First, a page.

This book is full of humor and hard facts. It provides answers to questions like "What is the farthest one human being has ever been from every other living person? Were they lonely?", and "What if you tried to hit a baseball pitched at 90 percent the speed of light?", or  "How fast can you hit a speed bump while driving and live?" and " If there was a robot apocalypse, how long would humanity last?". If you have ever read (and understood) Randall Munroe’s iconic webcomic, this book is for you. The book makes you proud that you enjoyed physics and chemistry classes all those years ago while the other kids hated them.

10: Bold: 

How to Go Big, Make Bank, and Better the World

Written by: Peter H. Diamandis, Steven Kotler
Length: 9 hrs and 6 mins 
Published: 2015

This book is written by the same authors that wrote Abundance in 2012. It is sort of an update of this book and sort of isn't. It is mainly a motivational book for business people wanting to understand exponential technology. For an inventor or engineer, it can be quite irritating reading a book that constantly talks about going big, bold and make a billion-dollar company.  Unfortunately, most of the stories and examples in the book are well-known and does not bring anything new to the table.

The book is narrated by one of the authors, Steven Kotler. A very bad idea. Although the book is very optimistic in its style, the narration seems very monotone, negative and depressive. It is as if he is just about to jump off a cliff. Why am I even bothering to recommend this book? Well, it is about creating businesses that changes the the world, it is optimistic, and makes me want to be an entrepreneur.

Tuesday, April 14, 2015

Script for downloading all Popular Electronics magazines

The great page has got loads and loads of old radio and electronics magaizines for download. Among these are the venerable Popular Electronics magazine which was published between October 1954 and October 1982. These old magazines are really great, not only for historic reasons and for fun, but there are also lots of electronic circuits, loadspeaker designs, and more in there that you can still build directly from the articles or you can use them as inspiration for new projects.

The most famous issue is probably the January 1975 issue presenting the Altair 8800 computer kit. Now you can build your own based on the original instructions :-)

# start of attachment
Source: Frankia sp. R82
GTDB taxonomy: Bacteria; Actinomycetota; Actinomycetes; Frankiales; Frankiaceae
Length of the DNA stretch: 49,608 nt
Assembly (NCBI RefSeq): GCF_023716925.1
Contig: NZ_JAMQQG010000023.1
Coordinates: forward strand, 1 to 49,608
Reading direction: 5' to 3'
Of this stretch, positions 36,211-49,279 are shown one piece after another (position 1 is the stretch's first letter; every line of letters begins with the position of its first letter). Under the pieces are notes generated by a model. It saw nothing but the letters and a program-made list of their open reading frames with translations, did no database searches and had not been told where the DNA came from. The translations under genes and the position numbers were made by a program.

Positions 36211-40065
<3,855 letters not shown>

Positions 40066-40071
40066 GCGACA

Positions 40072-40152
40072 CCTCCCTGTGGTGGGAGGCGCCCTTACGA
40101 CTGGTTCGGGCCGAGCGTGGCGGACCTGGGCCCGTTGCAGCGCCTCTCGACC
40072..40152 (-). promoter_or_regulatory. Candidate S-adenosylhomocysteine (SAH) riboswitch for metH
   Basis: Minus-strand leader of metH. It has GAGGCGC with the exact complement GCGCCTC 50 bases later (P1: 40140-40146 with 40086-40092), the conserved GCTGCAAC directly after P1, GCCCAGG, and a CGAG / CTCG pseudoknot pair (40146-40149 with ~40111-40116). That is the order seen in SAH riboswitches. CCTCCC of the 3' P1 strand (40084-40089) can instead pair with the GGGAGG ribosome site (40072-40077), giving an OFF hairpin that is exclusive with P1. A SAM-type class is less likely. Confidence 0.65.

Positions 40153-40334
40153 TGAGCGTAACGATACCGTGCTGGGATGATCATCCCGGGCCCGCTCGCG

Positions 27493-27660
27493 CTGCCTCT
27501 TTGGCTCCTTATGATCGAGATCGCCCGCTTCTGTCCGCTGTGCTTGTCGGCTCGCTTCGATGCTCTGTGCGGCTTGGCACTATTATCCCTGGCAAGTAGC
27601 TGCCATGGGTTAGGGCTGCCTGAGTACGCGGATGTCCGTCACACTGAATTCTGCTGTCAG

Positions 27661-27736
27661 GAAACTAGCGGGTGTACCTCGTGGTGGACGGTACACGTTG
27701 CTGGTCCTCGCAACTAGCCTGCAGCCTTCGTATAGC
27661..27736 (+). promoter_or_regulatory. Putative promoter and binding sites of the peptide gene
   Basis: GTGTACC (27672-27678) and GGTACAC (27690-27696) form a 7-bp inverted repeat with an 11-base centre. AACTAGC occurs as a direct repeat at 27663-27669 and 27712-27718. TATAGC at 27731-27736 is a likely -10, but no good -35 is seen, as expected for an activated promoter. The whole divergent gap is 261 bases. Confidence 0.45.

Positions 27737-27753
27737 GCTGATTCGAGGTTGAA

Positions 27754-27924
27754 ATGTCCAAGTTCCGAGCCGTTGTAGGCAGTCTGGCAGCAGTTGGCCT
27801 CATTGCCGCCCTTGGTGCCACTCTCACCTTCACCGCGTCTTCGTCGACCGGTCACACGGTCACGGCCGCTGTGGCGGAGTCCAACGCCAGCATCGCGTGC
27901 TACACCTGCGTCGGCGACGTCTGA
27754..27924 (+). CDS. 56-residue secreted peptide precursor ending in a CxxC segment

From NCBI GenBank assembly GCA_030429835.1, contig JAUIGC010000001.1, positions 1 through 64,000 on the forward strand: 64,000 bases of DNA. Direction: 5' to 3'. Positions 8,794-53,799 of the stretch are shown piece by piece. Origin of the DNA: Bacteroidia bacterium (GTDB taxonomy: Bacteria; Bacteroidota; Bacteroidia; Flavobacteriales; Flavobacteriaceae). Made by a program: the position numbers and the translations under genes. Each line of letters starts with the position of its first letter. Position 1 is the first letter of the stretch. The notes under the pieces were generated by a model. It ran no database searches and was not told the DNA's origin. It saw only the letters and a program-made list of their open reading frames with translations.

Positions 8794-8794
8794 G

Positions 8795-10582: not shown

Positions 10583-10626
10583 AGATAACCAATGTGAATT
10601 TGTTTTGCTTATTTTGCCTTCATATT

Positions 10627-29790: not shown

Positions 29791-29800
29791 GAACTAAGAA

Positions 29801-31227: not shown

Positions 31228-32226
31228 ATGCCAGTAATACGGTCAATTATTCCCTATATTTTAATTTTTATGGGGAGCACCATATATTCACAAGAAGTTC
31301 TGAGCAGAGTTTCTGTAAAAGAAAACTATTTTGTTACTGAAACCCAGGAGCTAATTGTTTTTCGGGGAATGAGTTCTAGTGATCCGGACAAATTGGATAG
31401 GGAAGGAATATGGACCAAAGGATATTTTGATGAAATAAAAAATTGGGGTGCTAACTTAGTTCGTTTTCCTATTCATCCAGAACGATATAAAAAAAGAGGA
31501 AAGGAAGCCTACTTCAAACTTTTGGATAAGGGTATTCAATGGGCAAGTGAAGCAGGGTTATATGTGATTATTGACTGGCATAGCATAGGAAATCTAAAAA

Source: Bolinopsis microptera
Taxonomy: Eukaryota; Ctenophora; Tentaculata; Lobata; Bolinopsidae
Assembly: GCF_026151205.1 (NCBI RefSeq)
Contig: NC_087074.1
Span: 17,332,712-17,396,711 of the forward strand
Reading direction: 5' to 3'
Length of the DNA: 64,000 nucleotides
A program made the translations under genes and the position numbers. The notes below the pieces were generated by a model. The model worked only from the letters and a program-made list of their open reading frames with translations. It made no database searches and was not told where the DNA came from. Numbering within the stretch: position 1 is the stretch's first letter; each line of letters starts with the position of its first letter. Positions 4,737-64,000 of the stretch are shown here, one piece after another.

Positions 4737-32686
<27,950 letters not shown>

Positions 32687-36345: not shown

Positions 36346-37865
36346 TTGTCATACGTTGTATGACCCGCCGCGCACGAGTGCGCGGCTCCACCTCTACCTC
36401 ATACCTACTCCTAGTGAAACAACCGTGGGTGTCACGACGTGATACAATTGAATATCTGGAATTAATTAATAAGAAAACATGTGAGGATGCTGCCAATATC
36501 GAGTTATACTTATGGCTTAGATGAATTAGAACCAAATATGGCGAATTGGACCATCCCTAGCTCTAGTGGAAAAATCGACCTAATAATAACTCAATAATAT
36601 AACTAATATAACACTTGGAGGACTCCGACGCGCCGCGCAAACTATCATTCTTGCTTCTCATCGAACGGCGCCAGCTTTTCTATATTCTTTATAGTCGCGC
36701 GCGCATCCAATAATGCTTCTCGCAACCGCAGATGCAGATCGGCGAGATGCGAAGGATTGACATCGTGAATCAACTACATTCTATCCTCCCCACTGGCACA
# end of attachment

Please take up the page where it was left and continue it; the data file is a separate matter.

I have made a simple Python script that downloads all the 337 isssues of the Popular Electronic magazine. The script is based on a script from Peter B. Mark that downloads all 73 ham radio magazines from (btw, a highly recommended magazine).

Using the script, I can read through all the editions on my iPad even when I am offline, for example when I am waiting for my flight on an airport with nothing else to do and no WiFi.

Disclaimer: The whole bunch of magazines will occupy about 3.5GB of disk space. Furthermore, the naming of the directories on americanradiohistory is not concise, so the script might seem a bit crappy. But it works! Feature: If you exit the script while it runs, it will not download previously downloaded magazines when you restart. Good luck.

Download pdfs of Popular Electronics Magazine

import os
import urllib2
import urllib

END_YEAR = 1982
OUTPUT_DIR = "PopularElectronics"

MISSING = ('PopularElectronics/Pop-1954-01.pdf', 'PopularElectronics/Pop-1954-02.pdf', 'PopularElectronics/Pop-1954-03.pdf', 'PopularElectronics/Pop-1954-04.pdf', 'PopularElectronics/Pop-1954-05.pdf', 'PopularElectronics/Pop-1954-06.pdf', 'PopularElectronics/Pop-1954-07.pdf', 'PopularElectronics/Pop-1954-08.pdf', 'PopularElectronics/Pop-1954-09.pdf')

def main():
    if not os.path.exists(OUTPUT_DIR):

def downloadPopMag(prefix):
    for year in range(START_YEAR, END_YEAR + 1):
        for month in range(1,13):
            fileName = "%s/Pop-%d-%02d.pdf" % (OUTPUT_DIR, year, month)
            if not os.path.exists(fileName) and fileName not in MISSING:
urlyear = year - 1900
tenyear = urlyear - (urlyear % 10)
strtenyear = str(tenyear) + "s"                
if(urlyear > 69):
urlyear = year

editionString = "%s-%d-%02d" % (prefix, year, month)

url = "" % (strtenyear, urlyear, editionString)
                print("Downloading: %s..." % url)
                print("To: %s" % fileName)
                try: pdfData = urllib2.urlopen(url).read()
except urllib2.HTTPError as e:
# Probably wrong prefix. Try with the other prefix later
print e.code
                outFile = open(fileName, "wb")
                print("Skipping: %s" % fileName)

if __name__ == "__main__":